An Unrepentant Outlaw
But don't get it twisted. The world is not a greater place because of rap music. The genre is not a panacea for global famine, nor is it encouraging us to hold hands and sing "Kumbaya" with our multicultured brothers and sisters around the planet. Not even close. Rap music actually dominates headlines for being quite the opposite—an unrepentant outlaw music that magnifies the darker side of black.
Despite societal well-wishers hoping to see some sort of Obamaian racial progress shift taking place under the aegis of hip hop, when we look at real measurements of equality—access to education, housing, politics—we can see that it's just not happening fast enough. Sure, youth from around the world from all cultural backgrounds are downloading the same Young Jeezy songs as a collective global unit and fanbase. But the economic conditions between them aren't changing much. What exactly are privileged Western rap audiences—who are listening to the same rap music as say youth in Brazilian favelas—doing to eradicate extreme poverty in Rio? Isn't that what rap was intended to do—speak and act out against oppression—not just rhyme and dance to it?
Rappers speak about the beauty and ugliness of the world with equal candor, putting up a sharp mirror to reality.
This is the crafty nature of rap. It acts as a virtual magnet for controversy and scandal because rap music's vanguards spend much of their recording time replaying what the real issues are, including what dystopia looks, smells and feels like, with their words. It's a pure artistic response to oppression—protest music where art truly imitates life, its music intended to play back society's most celebratory and inflammatory aspects.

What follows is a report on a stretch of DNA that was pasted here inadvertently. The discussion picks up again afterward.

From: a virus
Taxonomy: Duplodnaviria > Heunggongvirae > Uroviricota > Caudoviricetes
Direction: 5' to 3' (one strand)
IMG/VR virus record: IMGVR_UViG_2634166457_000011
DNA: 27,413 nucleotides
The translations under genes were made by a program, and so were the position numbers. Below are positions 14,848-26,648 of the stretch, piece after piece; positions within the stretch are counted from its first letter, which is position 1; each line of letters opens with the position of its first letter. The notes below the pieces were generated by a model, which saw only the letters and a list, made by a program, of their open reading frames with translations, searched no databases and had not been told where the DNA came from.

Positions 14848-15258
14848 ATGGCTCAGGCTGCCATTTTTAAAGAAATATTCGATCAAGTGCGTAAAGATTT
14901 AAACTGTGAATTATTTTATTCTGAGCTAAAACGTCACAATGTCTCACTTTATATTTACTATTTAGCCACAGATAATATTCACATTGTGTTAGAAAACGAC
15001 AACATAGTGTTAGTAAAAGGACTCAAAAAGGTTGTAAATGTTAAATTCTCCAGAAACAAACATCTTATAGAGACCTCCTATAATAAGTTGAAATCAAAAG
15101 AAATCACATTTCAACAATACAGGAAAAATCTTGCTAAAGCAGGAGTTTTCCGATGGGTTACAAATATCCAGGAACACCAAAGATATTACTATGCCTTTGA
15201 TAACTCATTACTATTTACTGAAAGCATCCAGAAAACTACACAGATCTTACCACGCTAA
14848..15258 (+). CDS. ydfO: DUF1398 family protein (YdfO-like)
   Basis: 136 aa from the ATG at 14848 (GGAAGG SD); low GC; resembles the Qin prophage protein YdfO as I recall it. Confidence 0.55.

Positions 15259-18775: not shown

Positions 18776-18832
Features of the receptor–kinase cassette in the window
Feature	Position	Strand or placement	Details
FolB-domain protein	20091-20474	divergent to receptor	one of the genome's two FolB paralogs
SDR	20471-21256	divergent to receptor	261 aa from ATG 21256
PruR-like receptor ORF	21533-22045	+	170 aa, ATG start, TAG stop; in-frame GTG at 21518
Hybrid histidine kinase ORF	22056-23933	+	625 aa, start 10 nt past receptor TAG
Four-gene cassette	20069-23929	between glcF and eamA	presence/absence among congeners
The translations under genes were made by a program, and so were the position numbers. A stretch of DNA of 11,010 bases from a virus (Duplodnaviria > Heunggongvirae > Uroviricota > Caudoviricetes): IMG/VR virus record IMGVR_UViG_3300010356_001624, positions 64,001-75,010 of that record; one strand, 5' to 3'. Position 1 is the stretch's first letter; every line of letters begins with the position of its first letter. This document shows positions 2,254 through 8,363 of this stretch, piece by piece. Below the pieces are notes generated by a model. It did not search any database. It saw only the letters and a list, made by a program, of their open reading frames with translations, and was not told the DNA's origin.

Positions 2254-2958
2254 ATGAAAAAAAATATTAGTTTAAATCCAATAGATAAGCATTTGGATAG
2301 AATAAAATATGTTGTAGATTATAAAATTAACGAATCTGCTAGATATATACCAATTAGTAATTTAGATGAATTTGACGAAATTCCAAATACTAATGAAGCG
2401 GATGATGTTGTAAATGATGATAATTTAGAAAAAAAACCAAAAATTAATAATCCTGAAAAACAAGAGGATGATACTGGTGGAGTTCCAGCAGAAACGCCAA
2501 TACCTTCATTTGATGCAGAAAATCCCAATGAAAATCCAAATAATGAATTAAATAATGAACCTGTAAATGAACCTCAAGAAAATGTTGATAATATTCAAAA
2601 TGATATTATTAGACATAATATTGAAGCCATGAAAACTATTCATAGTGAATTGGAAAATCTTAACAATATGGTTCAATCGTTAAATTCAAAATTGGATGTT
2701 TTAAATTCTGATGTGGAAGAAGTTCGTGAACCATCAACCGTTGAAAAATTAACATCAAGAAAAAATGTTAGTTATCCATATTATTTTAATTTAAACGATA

Raw and Uncut
As politicians increasingly refuse to address genuine social inequalities, rappers speak about the beauty and ugliness of the world with equal candor, putting up a sharp mirror to reality. And they've received heavy verbal critiques for coming off so raw and uncut. Some of the genre's most cogent songs, for example, come in the form of blunt responses to police brutality in African American communities. They include anthems like "F—- Tha Police," a searing indictment of racial profiling by the LAPD (Los Angeles Police Department) recorded by one of rap's most influential groups, N.W.A. (Niggaz With Attitude), and musically re-tooled by one of its greatest producers, the late J Dilla, to address Detroit area police all the way to Ice-T's "Cop Killer," which calls for frustrated victims of anti-black police misconduct to "dust some cops off" (shoot or stab crooked cops). Clearly, the rapperati have no intention of getting Rodney Kinged, and aren't afraid to tell you.